Rhimes propelled and empowered stars like Viola Davis, Kerry Washington and Ellen Pompeo (who made headlines in 2018 for discussing her $20 million a year salary for Grey's, which made her the highest-paid actress in dramatic television). The showrunner's series generated more than $2 billion for ABC's parent company, Disney -- but as she told The Hollywood Reporter, she wasn't happy.
"I felt like I was dying," Rhimes told THR last October, recalling the quick pace and constraints of network TV. "Like I'd been pushing the same ball up the same hill in the exact same way for a really long time."
And her breaking point came soon after. After months of unsuccessful negotiations about a new multi-year deal in early 2017, the catalyst for Rhimes' departure from ABC came during a trip to Disneyland, during which a high-ranking executive scoffed at her request for an extra pass, allegedly asking, "Don't you have enough?"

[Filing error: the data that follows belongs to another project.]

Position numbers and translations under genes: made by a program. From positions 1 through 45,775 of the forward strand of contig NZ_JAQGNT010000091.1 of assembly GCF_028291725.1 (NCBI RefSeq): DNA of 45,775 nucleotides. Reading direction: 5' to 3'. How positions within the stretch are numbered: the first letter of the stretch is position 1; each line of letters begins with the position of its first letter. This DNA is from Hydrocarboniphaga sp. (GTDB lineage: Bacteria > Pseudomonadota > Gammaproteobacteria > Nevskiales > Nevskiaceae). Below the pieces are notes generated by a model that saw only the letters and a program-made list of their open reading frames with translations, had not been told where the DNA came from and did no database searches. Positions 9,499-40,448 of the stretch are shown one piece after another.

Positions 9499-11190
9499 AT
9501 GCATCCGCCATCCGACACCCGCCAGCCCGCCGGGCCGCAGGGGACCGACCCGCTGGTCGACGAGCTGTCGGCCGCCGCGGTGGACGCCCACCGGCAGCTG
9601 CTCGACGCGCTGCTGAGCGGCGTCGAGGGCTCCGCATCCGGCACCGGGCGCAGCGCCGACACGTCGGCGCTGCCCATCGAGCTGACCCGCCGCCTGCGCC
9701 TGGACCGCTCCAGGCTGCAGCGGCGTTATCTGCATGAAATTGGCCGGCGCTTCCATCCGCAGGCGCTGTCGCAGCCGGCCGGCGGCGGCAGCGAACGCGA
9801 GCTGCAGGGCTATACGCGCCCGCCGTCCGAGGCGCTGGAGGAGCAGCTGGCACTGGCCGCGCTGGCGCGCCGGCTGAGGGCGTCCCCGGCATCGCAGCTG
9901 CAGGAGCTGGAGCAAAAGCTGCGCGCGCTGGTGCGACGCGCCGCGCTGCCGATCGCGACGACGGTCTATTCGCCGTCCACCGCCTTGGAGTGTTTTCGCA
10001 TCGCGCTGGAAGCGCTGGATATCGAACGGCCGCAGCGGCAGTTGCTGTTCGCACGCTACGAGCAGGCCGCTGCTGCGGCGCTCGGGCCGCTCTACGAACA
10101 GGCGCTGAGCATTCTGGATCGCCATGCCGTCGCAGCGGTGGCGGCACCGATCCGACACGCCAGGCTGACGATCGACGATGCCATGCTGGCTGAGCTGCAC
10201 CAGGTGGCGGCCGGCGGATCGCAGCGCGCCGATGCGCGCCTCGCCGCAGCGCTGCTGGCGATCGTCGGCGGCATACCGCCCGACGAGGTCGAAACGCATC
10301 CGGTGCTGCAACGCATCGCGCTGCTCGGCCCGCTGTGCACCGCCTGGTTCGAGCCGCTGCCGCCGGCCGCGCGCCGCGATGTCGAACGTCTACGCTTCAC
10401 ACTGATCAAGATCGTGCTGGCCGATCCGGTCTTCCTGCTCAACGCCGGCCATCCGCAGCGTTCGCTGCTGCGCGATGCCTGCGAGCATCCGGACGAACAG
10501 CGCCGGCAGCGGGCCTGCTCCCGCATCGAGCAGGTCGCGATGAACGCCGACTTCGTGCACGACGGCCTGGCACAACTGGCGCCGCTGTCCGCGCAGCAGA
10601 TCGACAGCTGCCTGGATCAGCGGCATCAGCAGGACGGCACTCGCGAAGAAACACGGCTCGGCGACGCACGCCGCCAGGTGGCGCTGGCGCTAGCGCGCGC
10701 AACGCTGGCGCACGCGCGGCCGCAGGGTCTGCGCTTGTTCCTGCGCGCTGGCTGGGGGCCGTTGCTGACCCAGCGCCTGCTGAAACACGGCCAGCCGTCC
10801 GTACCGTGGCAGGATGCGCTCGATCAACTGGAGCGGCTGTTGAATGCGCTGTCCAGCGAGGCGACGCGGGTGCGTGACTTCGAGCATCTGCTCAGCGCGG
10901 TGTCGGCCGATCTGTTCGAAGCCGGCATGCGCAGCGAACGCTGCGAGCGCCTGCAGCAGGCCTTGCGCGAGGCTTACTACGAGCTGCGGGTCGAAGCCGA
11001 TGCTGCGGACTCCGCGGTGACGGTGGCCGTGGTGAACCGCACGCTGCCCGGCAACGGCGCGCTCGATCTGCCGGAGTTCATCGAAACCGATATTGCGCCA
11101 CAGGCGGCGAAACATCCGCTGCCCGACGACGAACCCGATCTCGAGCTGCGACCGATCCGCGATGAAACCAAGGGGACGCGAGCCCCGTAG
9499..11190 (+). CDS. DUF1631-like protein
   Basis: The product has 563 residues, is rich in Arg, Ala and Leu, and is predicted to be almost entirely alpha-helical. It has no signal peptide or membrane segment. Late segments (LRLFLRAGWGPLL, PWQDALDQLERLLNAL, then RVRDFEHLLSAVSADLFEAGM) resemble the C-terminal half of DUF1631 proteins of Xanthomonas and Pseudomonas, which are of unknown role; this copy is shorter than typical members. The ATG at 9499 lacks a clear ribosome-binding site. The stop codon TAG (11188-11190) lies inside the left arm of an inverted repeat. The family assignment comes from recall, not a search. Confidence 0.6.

Furious, Rhimes hung up and called her lawyer, instructing them to find her a way out of ABC and into Netflix. That August, the news became official, and Rhimes became the first creator to ink an overall deal with the streaming service. In the years since, creators Ryan Murphy and Game of Thrones' David Benioff and Dan Weiss have signed overall deals with Netflix, as have Barack and Michelle Obama and Meghan Markle and Prince Harry.
At the time, Rhimes did what she was used to -- she put her head down and she worked. She did few interviews about the deal, and didn't correct stories misreporting her salary. Then, Pompeo's confidence in discussing her own payday inspired her.
"How can I inspire anyone if I am hiding?" Rhimes asked in a powerful acceptance speech for the Elle Luminary Award in 2018. "I am the highest paid showrunner in television. And I deserve it."
Netflix announced that year that Rhimes' first project under their new deal would be Inventing Anna, an adaptation of the New York magazine story based on the real-life story of the controversial society fraud Anna Delvey. The project marks the first series on which Rhimes will serve as creator, writer and producer since Scandal. And in the meantime, the producer has gifted fans with Bridgerton.